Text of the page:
Last updated: September 2016

Cambodia received its first credit from the World Bank in 1993. Following decades of conflict, the World Bank’s priority areas were to support the reconstruction of social and economic institutions and the development of physical infrastructure. Since 1999, increasing focus has been placed on governance reforms, macroeconomic stability and sustainable economic growth, private sector development, rural development, sustainable natural resource management, and improving and expanding health and education services.

The World Bank Country Assistance Strategy (2005-2008, extended to 2011) outlined two priority areas: removing governance constraints on growth and poverty reduction and supporting the strategies and investments needed to achieve Cambodia’s development goals. Projects financed by the World Bank were designed to help Cambodia implement its National Strategic Development Plan for 2006-2011 (extended to 2013) and achieve the MDGs.

In 2015, the World Bank Group carried out extensive country consultations with stakeholders around the country on Cambodia’s development opportunities and challenges, and how best to address them in the next two to three years. These consultations helped inform the World Bank Group Country Engagement Note (CEN), a two-year strategy to support Cambodia in sustaining inclusive and resilient growth to reduce poverty and enhance shared prosperity, reviewed and supported by the World Bank’s Board of Executive Directors on May 19, 2016.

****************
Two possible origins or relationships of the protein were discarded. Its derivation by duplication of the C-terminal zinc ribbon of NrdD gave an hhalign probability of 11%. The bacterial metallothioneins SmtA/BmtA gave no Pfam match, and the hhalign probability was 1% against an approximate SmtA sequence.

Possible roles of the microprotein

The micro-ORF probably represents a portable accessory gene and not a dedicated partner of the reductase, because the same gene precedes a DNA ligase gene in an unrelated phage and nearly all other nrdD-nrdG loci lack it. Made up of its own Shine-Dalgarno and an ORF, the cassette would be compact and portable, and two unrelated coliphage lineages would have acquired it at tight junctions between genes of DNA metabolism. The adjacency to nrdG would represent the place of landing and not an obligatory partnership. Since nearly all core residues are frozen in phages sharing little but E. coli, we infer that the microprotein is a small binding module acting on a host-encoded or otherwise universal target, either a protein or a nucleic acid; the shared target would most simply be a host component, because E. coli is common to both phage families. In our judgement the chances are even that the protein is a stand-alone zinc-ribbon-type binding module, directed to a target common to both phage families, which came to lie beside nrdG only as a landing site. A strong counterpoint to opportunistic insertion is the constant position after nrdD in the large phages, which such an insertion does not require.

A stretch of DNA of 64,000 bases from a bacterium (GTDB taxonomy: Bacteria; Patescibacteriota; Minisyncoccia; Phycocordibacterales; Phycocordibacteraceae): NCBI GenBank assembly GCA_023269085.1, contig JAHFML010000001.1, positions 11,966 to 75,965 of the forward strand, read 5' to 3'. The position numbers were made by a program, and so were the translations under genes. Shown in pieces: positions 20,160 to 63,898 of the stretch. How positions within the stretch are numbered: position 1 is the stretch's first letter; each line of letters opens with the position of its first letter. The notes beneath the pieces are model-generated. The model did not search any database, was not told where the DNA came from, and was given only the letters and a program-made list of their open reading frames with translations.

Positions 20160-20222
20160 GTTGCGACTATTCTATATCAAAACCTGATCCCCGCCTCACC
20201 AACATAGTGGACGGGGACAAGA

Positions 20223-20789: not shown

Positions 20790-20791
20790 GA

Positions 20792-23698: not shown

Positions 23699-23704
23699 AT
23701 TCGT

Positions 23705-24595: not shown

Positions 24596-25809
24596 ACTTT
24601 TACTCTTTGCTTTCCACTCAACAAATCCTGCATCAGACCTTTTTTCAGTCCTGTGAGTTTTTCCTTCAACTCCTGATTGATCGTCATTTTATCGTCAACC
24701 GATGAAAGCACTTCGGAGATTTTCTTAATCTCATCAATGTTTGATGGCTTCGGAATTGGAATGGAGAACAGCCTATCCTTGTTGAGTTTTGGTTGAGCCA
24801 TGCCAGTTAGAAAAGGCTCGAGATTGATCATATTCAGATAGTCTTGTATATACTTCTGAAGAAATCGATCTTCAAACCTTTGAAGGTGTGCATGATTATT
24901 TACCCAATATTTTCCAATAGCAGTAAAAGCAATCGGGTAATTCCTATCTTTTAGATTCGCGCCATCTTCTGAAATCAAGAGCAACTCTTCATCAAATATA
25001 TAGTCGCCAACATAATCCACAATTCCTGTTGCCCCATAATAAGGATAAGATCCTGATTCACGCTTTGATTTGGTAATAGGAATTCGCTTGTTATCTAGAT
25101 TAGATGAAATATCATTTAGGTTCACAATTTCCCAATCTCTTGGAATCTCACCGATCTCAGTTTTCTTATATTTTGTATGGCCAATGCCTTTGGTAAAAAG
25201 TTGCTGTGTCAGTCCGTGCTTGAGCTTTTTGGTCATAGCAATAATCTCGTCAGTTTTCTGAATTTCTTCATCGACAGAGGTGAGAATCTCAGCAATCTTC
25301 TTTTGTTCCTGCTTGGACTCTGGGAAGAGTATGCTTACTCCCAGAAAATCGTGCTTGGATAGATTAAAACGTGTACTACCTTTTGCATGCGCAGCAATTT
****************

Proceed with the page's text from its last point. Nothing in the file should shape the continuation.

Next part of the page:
The CEN sets out the strategy of the World Bank Group to support Cambodia’s goal of reducing the incidence of poverty by at least one percentage point per year, as indicated in the country’s 2014 – 2018 National Strategic Development Plan. The strategy aims to help Cambodia further improve its business climate, making its products more competitive globally. It also focuses on improving social and infrastructure service delivery, generating opportunities for the poorest by investing in productive assets thus creating more jobs.